Kukla's Korner

Above the Glass

Off the ledge, into the playbook

First, allow me to extend my thanks to readers who reminded that while this year’s Portland Winterhawks are done, the best is yet to come for their future. Now that I have been talked off that ledge, I will return to my regularly scheduled programming of learning the many quirks and mysteries of hockey. In this edition, I’ll seek to at last understand what it means when play-by-play announcers say a player fanned on a shot or pass, airmailed a pass, and chipped it in deep. I will learn the difference between the far side boards and the near side boards. And more importantly, who the heck came up with these choice verbal tidbits?

It’s just what it looks like: Fanning on a pass means a player winds up and swings to shoot a puck and misses.

What’s the difference between next day and overnight?: Airmailing a pass means you “loft” a puck into the air to get it past the opponent and into the hands of your teammate. A video of an airmail pass is worth a thousand words, especially when it’s courtesy of Anze Kopitar.

Seems like they could also call this flip the puck: As near as I can tell, chipping the puck is largely the job of wingers, and involves banking the puck off the boards deep into the offensive zone, setting up a scoring opportunity for another forward. Rimming it hard around the boards is the alternative choice. The objective is to move the puck closer to the net, away from the opponent and into the hands of a teammate. Preferably one who is in a position to score. Or not.

But of course: “Rink” is a Scottish word meaning “course” that was used as the name of a place where another game was played. The other game? Curling. Coincidence? I think not.

Why play the puck when you can do this?: A one-timer means hitting the puck directly upon receiving a pass.

Speaking of boards: I think I’ve got it. The near side boards are the boards nearest to the player with the puck. The far side boards are on the opposite side of the player with the puck.  Or not. This must be one of those terms that’s so obvious you can’t even find an official definition on Google.

In case you were wondering, no this isn’t what they do to keep the pucks at regulation temperature: Freezing the puck means to hold the puck against the boards with either the skate or stick to get a stoppage of play.

Shouldn’t they call this give it back?: Give and go is an offensive tactic in which a player passes the puck to a teammate, then skates into an open area of the ice to take a return pass. Still, both are better than “here, hold the puck while I go get into position to score.”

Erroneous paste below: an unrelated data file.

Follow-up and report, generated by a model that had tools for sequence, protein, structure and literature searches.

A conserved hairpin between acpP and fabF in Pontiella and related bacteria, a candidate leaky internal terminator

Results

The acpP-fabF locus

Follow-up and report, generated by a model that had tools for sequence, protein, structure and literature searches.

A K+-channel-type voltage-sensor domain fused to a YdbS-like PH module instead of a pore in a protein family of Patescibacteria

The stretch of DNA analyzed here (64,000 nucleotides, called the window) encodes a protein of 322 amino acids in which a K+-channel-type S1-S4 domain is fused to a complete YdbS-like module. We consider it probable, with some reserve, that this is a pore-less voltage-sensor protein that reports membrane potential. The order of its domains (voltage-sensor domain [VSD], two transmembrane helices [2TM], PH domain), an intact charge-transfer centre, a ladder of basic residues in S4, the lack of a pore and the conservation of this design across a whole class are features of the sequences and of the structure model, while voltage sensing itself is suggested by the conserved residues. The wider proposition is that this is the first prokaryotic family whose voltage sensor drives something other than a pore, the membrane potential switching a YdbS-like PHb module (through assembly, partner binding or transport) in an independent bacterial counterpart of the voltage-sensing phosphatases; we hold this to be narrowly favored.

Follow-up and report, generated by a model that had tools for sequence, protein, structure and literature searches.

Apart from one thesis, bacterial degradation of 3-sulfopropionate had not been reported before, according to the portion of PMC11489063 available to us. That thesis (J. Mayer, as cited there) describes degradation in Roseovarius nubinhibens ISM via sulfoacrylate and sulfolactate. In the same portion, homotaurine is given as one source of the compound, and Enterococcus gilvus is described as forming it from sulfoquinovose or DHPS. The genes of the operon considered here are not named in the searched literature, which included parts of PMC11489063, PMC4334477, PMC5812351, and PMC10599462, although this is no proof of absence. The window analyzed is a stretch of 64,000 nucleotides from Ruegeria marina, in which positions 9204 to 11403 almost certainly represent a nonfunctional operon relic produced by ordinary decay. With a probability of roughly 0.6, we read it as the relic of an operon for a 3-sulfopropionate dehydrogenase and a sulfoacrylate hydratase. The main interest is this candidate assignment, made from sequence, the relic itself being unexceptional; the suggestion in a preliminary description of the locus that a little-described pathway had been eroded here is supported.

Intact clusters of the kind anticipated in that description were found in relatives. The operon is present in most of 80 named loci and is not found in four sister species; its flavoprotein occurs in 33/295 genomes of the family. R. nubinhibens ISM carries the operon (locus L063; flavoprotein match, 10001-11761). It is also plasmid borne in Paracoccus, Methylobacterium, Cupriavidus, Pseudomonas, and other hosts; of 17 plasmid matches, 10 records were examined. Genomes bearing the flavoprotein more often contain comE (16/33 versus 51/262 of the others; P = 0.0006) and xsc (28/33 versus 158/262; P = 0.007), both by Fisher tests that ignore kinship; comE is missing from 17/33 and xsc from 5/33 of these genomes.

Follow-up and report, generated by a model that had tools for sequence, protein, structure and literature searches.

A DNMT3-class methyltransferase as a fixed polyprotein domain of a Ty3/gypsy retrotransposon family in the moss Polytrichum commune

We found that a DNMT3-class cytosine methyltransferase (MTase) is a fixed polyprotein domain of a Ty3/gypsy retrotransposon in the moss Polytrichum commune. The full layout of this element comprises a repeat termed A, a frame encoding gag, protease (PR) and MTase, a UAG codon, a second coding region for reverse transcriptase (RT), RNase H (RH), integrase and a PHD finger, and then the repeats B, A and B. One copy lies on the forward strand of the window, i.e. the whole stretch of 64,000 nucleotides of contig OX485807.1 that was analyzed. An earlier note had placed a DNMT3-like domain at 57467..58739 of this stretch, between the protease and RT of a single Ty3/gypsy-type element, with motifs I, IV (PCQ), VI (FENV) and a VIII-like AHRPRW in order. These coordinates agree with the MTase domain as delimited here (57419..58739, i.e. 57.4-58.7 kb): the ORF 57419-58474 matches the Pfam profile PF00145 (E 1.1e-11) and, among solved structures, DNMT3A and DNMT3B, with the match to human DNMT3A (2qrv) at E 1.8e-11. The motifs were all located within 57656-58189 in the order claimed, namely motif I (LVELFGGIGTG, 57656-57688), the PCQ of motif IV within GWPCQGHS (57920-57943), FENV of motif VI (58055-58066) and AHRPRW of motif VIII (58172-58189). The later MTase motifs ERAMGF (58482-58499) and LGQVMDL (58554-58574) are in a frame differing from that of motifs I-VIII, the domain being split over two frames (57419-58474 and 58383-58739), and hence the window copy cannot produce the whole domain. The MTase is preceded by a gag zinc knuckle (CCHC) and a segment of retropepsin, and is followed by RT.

I should have known this: According to Wikipedia, wingers are bigger than centermen and smaller than defensemen. I tested this out on the Portland Winterhawks’ roster. This is generally true, with the exception of Sven Bartschi, who’s only 5’10”. But make note, my little 2011 Entry Draft watchers; he’s small but mighty. He’s also the proprietor of choice soundbites: In his NHL Draft Profile, he describes himself as the only Swiss guy who’s never donned a pair of skis and he declares “I have a good scoring touch.” It’s so totally Sven: he’s honest but humble. He led all WHL rookies in scoring this season, and was nominated for the WHL’s Rookie of the Year award.

This definitely fits Buffalo Sabres draft pick Riley Boychuk to a T: “Agression is key to being a winger: game often hinge on the grit and determination behind players who relentlessly fight for the puck and harrass opponents.” So does this: “Wingers who play very physically are known as grinders for their ability to literally grind opponents against the boards until the puck squeezes out.”

Parting shots: 1) No, I didn’t think freezing the puck is what they did to keep them at regulation temperature. But I did used to think icing is what players did when they “snowed the goalie.” Really. There. Now I said it. I feel better.  2) Since this is merely the tip of the hockey terminology/playbook iceberg, refresh me…..how exactly are players supposed to keep this game simple?


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About Above the Glass

Welcome to Above the Glass, a definitive anti-expert’s guide to hockey. I started blogging in 2009 as part of an effort to learn all 87 rules in the NHL Rulebook in 107 days before the 2010 Olympics, 30 years after I discovered the sport. You can peruse the archival results here. Growing up in Arizona, I didn’t even know hockey existed until February 22, 1980, when the USA played Russia in the Olympics. And just like that, the game of the century changed my life. I still don’t quite understand the icing rule or which faceoff circle goes with what offense, but I do know that every aspect of hockey has something to teach us about life. That’s what you’ll find here, along with my unadulterated passion for the game.

I live in Portland, Oregon, home of the WHL’s Portland Winterhawks. I invite anyone who wants to know more about hockey in the Rose City to visit here, where I blog exclusively about the Winterhawks. I’ll post an occasional musing about the Hawks, the WHL and junior hockey here as well.

Follow me on Twitter: @AbovetheGlass

Email: samantha@kuklaskorner.com